I wanted to like this book. I really did. Early in my Christian pilgrimage, Charles Stanley’s teaching helped me tremendously. Not only was I looking forward to reading from Stanley, but I also have a keen interest in this topic. After reading it, I came away disappointed.
In the first chapter of How to Reach Your Full Potential for God: Never Settle for Less Than His Best, Stanley provides the background for the book. He was sleeping and awakened in the middle of the night with a burning question, Do you want to reach your full potential? He subsequently jotted down what he believed God was speaking to him about this topic,
If you truly want to reach your full potential, you must have a clean heart, a clear mind, a balanced schedule.
If I had stopped at the end of the first short chapter, I would have been fine. Indeed, a clean heart, a clear mind and a balanced schedule are important and it was great to be reminded of these. To reach our full potential for God, Stanley breaks the book down into 7 essential elements:
Essential 1: Having a clean heart
Essential 2: Having a clear mind
Essential 3: Using your gifts
Essential 4: Having a healthy body
Essential 5: Having right relationships
Essential 6: Having a balanced schedule
Essential 7: Taking God-approved risks
In and of itself, this is a good list. However, the development of these essentials creates some problems for me. Here are some of the problems I have with the book.
Stanley writes about having the mind of Christ. This is good. But his discussion of this raised more questions than provided answers. He warns against the wisdom of the world. In the early part of the book, he places the mind of Christ in stark contrast to the wisdom of the world. Again, this is good. However, much of the remainder of the book is simply a rehashed Dr. Phil type of self-help.
It was worth noting that Stanley refers to a book (p. 224) that he read annually because of the wisdom in the book. Perhaps you will be as surprised as I at which book that is. Think and Grow Rich by Napoleon Hill. Not exactly the book that coincides with the distinction to have the mind of Christ instead of the wisdom of the world.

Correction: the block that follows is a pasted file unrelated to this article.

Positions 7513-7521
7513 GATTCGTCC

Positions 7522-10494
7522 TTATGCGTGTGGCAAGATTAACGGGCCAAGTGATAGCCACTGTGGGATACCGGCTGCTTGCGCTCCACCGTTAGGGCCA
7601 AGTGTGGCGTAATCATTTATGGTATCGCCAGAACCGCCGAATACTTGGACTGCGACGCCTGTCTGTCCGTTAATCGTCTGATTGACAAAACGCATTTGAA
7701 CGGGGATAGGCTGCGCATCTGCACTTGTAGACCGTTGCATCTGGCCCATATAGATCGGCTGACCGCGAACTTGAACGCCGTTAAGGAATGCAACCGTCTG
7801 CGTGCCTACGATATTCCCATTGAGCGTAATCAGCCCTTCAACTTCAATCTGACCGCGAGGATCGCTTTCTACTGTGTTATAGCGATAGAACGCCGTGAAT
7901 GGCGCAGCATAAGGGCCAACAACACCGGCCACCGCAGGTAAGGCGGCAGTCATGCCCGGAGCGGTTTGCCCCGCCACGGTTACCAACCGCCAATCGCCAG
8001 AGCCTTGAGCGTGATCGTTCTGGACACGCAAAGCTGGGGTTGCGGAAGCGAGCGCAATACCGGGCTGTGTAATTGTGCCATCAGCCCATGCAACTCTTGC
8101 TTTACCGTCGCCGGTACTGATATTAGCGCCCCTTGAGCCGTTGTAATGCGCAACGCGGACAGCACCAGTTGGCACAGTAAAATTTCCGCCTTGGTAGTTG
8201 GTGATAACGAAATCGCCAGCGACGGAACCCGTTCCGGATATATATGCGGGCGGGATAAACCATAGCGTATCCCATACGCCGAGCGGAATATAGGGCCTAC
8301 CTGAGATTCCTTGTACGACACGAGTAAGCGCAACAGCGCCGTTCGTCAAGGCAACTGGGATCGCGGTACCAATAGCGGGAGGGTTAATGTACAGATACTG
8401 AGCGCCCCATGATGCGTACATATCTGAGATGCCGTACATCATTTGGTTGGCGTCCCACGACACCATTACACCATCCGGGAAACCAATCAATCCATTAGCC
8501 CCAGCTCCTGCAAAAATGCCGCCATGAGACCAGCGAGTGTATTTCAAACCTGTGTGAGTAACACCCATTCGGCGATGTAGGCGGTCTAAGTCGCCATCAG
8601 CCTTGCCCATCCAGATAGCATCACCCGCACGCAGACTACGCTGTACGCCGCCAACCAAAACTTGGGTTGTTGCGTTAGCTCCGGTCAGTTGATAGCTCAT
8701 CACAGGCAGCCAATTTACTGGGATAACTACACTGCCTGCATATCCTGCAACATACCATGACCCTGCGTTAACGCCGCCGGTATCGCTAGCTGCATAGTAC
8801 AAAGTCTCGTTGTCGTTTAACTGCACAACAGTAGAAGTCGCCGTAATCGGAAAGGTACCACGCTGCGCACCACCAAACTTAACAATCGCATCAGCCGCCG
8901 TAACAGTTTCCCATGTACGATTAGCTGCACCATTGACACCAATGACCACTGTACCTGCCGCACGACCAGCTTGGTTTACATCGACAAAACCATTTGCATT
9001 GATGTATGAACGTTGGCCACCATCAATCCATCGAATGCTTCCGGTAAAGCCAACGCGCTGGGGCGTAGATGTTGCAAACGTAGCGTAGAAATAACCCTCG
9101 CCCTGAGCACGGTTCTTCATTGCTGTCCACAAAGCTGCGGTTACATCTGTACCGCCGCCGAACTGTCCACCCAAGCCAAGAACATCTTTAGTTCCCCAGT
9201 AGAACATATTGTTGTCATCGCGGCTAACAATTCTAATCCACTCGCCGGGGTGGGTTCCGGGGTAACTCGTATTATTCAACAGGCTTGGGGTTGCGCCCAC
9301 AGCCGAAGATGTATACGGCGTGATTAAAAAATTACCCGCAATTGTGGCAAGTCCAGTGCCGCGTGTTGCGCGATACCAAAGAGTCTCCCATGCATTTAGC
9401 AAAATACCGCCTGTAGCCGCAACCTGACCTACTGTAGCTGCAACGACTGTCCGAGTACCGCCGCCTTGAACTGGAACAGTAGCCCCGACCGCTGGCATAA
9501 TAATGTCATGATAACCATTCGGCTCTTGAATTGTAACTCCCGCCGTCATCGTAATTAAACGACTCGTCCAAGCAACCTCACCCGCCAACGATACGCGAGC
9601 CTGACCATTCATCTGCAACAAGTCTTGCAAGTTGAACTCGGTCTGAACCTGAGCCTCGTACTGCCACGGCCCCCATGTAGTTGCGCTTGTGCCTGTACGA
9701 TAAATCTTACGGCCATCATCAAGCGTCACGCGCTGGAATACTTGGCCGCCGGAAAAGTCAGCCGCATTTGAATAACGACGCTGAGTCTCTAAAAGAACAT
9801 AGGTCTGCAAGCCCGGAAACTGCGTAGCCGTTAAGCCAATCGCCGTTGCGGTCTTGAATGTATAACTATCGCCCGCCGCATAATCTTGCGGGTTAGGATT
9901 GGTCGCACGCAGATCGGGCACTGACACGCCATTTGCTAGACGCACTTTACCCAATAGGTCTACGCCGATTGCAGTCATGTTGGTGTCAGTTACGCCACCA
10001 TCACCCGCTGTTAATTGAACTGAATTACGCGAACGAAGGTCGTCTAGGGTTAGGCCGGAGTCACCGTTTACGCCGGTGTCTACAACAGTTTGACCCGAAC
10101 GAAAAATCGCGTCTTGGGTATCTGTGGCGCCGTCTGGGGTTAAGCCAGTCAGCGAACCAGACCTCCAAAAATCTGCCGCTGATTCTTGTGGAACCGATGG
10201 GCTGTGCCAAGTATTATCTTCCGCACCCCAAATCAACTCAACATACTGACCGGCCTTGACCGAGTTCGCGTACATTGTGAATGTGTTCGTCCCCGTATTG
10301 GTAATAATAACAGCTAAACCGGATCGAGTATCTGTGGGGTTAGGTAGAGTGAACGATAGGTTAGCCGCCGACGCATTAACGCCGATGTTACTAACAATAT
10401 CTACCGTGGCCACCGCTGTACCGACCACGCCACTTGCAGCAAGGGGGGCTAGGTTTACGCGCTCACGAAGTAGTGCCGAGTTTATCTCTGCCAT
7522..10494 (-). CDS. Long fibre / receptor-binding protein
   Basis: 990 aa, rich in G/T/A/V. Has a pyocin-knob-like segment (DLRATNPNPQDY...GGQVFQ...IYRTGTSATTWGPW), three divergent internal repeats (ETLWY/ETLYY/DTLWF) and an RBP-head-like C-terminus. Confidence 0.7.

In fact, Stanley goes further in promoting self-help books in general:
I do not at all criticize the category of books that people call self-help. We all need help…These books can provide practical advice and inspiration for pursuing one’s God-given potential (p. 225).
He spends more time relating these principles to the teachings of Jesus. However, when Stanley gives his practical steps to reaching your full potential for God, he provides only cursory notes of key aspects while spending a great deal of time on less than biblical concepts.
For example, we should avoid touching our face with our hands. We should wash our hands often and long enough (sing Happy Birthday through twice to make sure your hands are clean.
Stanley also rehashes some of the culturally conservative litany of don’ts without providing any biblical support.
Some of his advice simply isn’t practical unless you are the pastor of a megachurch like he is. In my work and in my home, I don’t have the option of delegating some of the things that need to be done. So, when he writes of his decision to be driven around Atlanta instead of having to deal with city traffic, it just doesn’t compute.
In the end, this book doesn’t deliver on the title. I wish that it had. I still like Stanley, but wish for consistency with regard to what really is biblical teaching.
Disclaimer: This book was provided for review by Thomas Nelson.